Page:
On the north-western outskirts of the city of Athens was the Kerameikos, the cemetery which contained the tombs of private citizens and those who had fallen in battle. This must have been an awe-inspiring place throughout the period when it was in use, for the tombs were adorned with outstanding art-works: statues and stelae. Casts of these now stand on the site itself, while the originals are kept in the Kerameikos Museum, together with the funerary offerings from inside the tombs. Though the kerameikos ran the walls of Athens, which divided the site into the Inner and Outer Kerameikos. The two main gates, the Dipylon and the Sacred Way, which ran west to Eleusis, while that which used the Dipylon was simply called the Dromos – the road. The building known as the Pompeium, between the two gates, was the starting-place for the Panathenaic Procession, which followed the Dromos into the Agora before winding up to the Acropolis. Some remains of the Pompeium and of the gates have survived in the Kerameikos site, together with sections of the city wall in which the successive phases of repairs can be seen (479/8 BC, 394BC, 253-60 AD, 6th century AD).
To the north-west of the Acropolis rises the rocky hill of the Areopagus, which after the seventh century BC was the seat of the administrative and judicial body of the same name. it was on the Areopagus that St Paul preached to the Athenians in 49/50 AD. To the west of the Sacred Rock was the Pnux, where the ecclesia of the deme (that is, theassembly of the people) met after the sixth century BC. Further to the south was the Hill of the Muses, known today as Philopappos Hill from the funerary monument to the Roman Gaius Julius Antiochus Philopappus which was erected on its summit in 115 AD. Another nearby hill was dedicated to the Nymphs, and it was there that the Observatory of Athens was built in the nineteenth century.
The area by the bed of the Ilissus river is notable for one of the most striking monuments in Athens, the temple of Olympian Zeus. Work on this temple. In the Doric order, began in the time of the Pisistradis (6th century BC), but the structure was only completed – in the Corinthian order – under Hadrian (131/2 AD). In order to welcome their benefactor the Roman Emperor to the inauguration of the temple he had finally finished, the Athenians erected the triumphal Arch of Hadrian; it still stands there today, beside one of the busiest streets in Athens.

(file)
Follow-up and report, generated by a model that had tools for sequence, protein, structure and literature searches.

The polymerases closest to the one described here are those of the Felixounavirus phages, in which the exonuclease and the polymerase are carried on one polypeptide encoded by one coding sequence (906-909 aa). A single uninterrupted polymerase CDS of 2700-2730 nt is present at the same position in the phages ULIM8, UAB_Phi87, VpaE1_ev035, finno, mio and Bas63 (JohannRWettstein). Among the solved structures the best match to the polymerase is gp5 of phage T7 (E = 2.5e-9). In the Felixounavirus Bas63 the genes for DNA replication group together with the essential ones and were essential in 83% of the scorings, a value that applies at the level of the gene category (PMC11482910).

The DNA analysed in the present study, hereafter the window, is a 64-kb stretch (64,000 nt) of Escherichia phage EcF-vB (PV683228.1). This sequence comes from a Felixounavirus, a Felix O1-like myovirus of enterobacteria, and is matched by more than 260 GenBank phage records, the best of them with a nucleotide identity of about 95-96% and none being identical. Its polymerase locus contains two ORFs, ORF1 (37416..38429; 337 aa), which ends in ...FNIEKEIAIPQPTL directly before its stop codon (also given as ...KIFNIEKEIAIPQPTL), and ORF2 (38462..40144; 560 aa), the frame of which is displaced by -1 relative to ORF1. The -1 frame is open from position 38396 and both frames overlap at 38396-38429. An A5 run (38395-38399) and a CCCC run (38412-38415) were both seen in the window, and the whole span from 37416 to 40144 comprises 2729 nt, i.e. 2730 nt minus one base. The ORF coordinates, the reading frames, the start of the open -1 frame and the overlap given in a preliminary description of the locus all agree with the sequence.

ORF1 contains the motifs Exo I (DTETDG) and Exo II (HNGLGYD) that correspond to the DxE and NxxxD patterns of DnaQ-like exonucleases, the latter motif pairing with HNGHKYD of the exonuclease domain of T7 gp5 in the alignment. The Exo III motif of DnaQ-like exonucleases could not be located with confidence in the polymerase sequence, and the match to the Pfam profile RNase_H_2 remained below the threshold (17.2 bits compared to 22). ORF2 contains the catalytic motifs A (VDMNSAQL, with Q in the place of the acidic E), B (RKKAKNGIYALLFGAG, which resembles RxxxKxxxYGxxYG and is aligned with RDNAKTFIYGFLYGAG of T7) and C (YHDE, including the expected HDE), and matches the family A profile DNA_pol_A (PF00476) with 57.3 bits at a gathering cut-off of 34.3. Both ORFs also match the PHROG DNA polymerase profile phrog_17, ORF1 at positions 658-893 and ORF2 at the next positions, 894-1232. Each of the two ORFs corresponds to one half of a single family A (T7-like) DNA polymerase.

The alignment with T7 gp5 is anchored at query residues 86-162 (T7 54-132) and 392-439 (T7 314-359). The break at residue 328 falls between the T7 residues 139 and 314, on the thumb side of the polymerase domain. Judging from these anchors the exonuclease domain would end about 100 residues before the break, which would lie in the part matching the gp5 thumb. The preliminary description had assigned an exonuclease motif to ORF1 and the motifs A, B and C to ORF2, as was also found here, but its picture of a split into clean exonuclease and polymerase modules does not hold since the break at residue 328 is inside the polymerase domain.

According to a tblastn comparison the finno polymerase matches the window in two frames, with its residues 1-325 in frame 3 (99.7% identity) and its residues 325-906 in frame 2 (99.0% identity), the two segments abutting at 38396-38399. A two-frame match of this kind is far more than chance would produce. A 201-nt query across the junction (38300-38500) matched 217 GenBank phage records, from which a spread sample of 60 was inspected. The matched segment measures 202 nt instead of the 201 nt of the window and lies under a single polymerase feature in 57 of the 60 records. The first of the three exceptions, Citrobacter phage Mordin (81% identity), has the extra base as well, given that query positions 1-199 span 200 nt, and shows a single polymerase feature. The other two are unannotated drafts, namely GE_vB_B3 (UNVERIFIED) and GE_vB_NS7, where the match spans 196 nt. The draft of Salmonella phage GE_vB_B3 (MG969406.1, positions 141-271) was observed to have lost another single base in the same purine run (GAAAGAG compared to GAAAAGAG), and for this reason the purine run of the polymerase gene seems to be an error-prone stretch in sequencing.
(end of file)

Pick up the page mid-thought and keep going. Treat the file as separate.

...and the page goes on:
In the Roman period (1st century BC), a new agora was built to the east of the ancient commercial area; this is also known as the Forum of Caesar and Augustus, or just as the Roman Forum. The Roman Forum occupied a rectangular area surrounded by Ionic porticoes. Further to the east, the astronomer Andronicus Cyrrhestes erected a structure which was simultaneously a water-click, a weathervane and a planetarium and which bore reliefs of the eight winds personified on its exterior (the Tower of the Winds, 1st century AD). To the north of the Roman Forum was the Library of Hadrian, a monumental building surrounded by porticoes. Here there were luxurious reading-rooms and lecture halls, and in the courtyard was a pond around which the scholars could take their ease.